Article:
Highland Park Heritage Trust v. City of Los Angeles, Case No. B242930 (Feb. 18, 2014), unpublished
On February 18, 2014, in an unpublished decision, the Second District Court of Appeal denied petitioners’ request to set aside approval of the Autry Museum’s internal remodeling project. The court held the city of Los Angeles did not abuse its discretion in determining the project was exempt from CEQA.
In 2003, the Autry Museum merged with the Southwest Museum and thereafter discovered that the Southwest site was unsuitable for housing the museum collection. Autry decided to move the collection from the Southwest’s Arroyo Campus in Mount Washington to Autry’s Griffith Park Campus. At first, Autry intended to expansively extend the external footprint of its museum, but withdrew the plan after it was met with public controversy and delays. Autry replaced this proposal with a less ambitious plan to replace 18,000 square feet of the first floor of the museum. The City of Los Angeles approved this new project and determined it was categorically exempt from CEQA. The state later awarded Autry a $6.6 million grant to redesign the interior of the Griffith Park Museum.
Local residents and preservationists sought to set aside the approved collection relocation, claiming that the city had a duty to support the Southwest Museum as a cultural resource and preserve the Arroyo Campus location. Petitioners claimed that the project was not exempt under CEQA, and that the project was improperly piecemealed from a greater project. The trial court held for the city, and petitioners appealed.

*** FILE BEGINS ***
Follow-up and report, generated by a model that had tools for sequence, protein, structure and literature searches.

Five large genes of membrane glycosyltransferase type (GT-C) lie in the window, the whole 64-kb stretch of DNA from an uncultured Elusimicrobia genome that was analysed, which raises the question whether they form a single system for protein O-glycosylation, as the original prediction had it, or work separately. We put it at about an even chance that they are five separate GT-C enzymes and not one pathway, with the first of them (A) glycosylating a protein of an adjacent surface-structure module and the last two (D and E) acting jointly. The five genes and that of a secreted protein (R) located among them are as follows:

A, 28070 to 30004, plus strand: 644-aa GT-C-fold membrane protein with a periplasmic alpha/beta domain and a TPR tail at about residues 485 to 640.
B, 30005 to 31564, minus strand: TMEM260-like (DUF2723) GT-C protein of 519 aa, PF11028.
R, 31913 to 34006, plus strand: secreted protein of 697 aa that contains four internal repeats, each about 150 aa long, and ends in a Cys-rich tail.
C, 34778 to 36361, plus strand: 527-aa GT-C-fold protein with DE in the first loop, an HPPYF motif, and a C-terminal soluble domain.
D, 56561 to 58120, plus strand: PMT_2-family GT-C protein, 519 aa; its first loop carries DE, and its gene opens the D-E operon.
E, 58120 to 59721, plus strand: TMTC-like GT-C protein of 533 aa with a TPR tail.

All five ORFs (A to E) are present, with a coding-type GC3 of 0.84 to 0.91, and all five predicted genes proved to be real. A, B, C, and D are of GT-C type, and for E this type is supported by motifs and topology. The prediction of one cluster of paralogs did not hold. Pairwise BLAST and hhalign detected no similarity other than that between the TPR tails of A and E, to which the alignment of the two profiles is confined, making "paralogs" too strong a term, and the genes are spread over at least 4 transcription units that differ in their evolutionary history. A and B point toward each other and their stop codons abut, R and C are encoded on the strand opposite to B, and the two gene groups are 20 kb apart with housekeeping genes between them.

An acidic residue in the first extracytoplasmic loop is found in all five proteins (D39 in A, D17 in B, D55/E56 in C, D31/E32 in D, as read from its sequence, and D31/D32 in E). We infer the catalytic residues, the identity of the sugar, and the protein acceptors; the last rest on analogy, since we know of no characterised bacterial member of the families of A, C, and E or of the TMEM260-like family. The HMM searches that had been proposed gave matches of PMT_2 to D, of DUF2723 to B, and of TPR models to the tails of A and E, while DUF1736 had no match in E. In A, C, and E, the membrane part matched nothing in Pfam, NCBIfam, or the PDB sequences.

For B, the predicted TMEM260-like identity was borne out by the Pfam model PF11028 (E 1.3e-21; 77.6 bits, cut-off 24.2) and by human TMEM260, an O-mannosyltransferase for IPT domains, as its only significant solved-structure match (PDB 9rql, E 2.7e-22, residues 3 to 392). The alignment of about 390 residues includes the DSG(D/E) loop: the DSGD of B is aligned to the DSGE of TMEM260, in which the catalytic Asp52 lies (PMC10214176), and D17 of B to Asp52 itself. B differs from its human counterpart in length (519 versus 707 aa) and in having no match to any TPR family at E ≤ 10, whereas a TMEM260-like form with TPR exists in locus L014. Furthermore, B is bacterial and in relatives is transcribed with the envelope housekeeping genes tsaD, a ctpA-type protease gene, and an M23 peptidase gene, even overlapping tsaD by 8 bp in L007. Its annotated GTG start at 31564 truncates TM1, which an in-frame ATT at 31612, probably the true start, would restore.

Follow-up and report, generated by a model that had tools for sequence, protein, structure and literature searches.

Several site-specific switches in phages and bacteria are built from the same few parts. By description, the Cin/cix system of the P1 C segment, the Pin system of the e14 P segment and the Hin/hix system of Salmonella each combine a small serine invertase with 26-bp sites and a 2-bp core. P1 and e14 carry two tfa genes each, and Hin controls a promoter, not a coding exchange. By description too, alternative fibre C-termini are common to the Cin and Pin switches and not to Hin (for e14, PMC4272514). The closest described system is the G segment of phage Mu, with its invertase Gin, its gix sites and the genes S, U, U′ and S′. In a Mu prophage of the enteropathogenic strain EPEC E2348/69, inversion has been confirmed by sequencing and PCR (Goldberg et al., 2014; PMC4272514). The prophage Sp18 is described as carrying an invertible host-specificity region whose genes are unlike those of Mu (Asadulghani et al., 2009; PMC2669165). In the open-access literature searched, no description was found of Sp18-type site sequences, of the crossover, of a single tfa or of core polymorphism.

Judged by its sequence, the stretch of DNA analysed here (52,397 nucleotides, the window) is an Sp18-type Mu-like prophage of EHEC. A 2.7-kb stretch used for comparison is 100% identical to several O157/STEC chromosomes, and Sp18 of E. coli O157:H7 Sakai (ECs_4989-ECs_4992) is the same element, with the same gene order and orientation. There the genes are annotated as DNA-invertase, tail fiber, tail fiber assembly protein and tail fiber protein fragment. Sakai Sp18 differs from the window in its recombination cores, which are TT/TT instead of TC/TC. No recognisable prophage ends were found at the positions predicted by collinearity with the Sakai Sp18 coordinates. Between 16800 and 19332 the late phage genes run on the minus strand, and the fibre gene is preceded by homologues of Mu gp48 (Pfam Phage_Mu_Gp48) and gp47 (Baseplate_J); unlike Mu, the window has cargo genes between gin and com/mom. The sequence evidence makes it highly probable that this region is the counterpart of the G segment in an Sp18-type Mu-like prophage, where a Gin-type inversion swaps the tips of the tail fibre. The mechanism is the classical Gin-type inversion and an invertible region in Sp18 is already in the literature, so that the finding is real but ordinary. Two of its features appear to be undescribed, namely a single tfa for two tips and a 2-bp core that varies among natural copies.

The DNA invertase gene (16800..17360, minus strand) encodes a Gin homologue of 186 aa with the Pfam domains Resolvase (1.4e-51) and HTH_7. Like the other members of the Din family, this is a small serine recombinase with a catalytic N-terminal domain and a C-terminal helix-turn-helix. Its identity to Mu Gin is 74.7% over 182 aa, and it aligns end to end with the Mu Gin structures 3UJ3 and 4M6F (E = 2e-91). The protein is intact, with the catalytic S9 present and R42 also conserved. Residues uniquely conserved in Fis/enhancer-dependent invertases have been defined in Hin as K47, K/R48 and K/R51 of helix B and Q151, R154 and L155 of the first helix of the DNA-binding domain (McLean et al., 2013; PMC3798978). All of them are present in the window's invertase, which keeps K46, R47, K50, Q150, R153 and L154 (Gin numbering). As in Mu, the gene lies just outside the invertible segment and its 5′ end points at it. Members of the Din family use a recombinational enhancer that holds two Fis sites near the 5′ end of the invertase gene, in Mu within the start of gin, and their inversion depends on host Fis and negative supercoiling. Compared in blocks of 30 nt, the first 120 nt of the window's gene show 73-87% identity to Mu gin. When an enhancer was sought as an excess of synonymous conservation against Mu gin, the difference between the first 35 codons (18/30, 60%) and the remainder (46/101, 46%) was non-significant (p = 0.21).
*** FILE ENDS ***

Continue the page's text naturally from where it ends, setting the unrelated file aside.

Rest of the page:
The Court of Appeal held that whether the project could be considered a piecemealed section of a larger project was irrelevant where the project was exempt from CEQA. Under Class 1 exemptions, certain projects involving interior alterations to an existing facility are categorically exempt from CEQA, unless they fall under an exception whereby there are unusual circumstances creating a reasonable probability that the activity would have a significant impact on the environment. The court found no such exception here. The court held that moving the artifacts from the Southwest collection to the Autry Museum would not have a significant impact on the geographic environment of that museum or its surroundings, and the objects themselves were not site-specific to the Arroyo location. The court also held that the project was not inconsistent with the Northeast Los Angeles Community Plan because the plan’s goal to preserve and protect the Southwest museum pertained to the building itself rather than its contents. Thus, the city had not abused its discretion in approving the project.